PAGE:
Once upon a time, broadband ISPs offered unfettered access to sites offering unlicensed, illegally-uploaded content. That is now slowly changing, on both sides of the Atlantic.
In the wake of a momentous ruling against Cox Communications by a federal court judge in the US, the highest court in Germany has now ruled that ISPs will have to block pirate sites, but only other intervention methods fail. Effectively, copyright owners must first take reasonable action against the offending site or hosting provider, but ISPs must block access after those actions fail.
Additionally, the sites themselves must have more illegal content than legal content as a condition for being blocked. “The company offering internet access will only be held responsible for blocking a site when the copyright owners themselves have made reasonable efforts against those that are infringing, like website operators, or those who are facilitating the infringement, like web hosting providers,’ the German Supreme Court ruled.
The German high court also referenced a part of the EU Directive, which calls for ‘intermediaries’ to step in. “Member States shall ensure that rightsholders are in a position to apply for an injunction against intermediaries whose services are used by a third party to infringe a copyright or related right,” the Directive reads.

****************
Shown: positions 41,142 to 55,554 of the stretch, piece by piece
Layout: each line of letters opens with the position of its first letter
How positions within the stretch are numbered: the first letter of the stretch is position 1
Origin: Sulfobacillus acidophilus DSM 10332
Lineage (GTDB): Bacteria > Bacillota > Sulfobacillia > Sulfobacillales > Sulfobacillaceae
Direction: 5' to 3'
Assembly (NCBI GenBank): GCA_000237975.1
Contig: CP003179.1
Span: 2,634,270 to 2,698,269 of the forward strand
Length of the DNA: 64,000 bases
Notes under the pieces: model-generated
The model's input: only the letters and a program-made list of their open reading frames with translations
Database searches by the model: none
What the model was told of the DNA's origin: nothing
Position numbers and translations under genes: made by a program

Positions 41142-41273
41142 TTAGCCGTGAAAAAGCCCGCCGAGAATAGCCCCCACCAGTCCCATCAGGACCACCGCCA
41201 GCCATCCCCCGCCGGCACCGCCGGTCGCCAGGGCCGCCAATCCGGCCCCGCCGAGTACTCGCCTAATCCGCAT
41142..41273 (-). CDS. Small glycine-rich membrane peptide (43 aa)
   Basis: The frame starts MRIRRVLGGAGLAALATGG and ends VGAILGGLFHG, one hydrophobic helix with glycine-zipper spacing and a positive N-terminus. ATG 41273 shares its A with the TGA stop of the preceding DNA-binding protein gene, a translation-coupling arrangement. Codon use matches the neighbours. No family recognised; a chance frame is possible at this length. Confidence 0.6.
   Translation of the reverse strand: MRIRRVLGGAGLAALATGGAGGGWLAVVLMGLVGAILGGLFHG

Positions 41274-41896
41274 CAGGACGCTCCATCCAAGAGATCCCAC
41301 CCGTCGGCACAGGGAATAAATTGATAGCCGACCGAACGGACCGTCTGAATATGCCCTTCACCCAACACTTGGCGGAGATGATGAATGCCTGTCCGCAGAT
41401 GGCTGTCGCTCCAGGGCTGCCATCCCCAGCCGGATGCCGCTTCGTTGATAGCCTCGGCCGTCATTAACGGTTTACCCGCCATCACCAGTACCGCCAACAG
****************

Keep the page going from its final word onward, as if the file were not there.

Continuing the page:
The obvious result is that GEMA, along with other major content holders, will now start targeted their ‘reasonable efforts’ against the biggest torrent and piracy sites, starting with heavy-hitters like the Pirate Bay and KickassTorrents. It may only be a matter of time before those sites are snipped, though that doesn’t mean they won’t pop up with slightly-different names and locations.
The decision stems from a pair of actions. The first was from German rights society GEMA, which took action against ISP Deutsch Telekom for refusing to block 3DL.am (now offline). A separate action, spearheaded by major labels against O2 Deutschland, was focused on pirate site Goldesel.to.
Image ‘Scales of Justice – Frankfurt Version’ by Michael Coghlan, licensed under Creative Commons Attribution 2.0 Generic (CC by 2.0).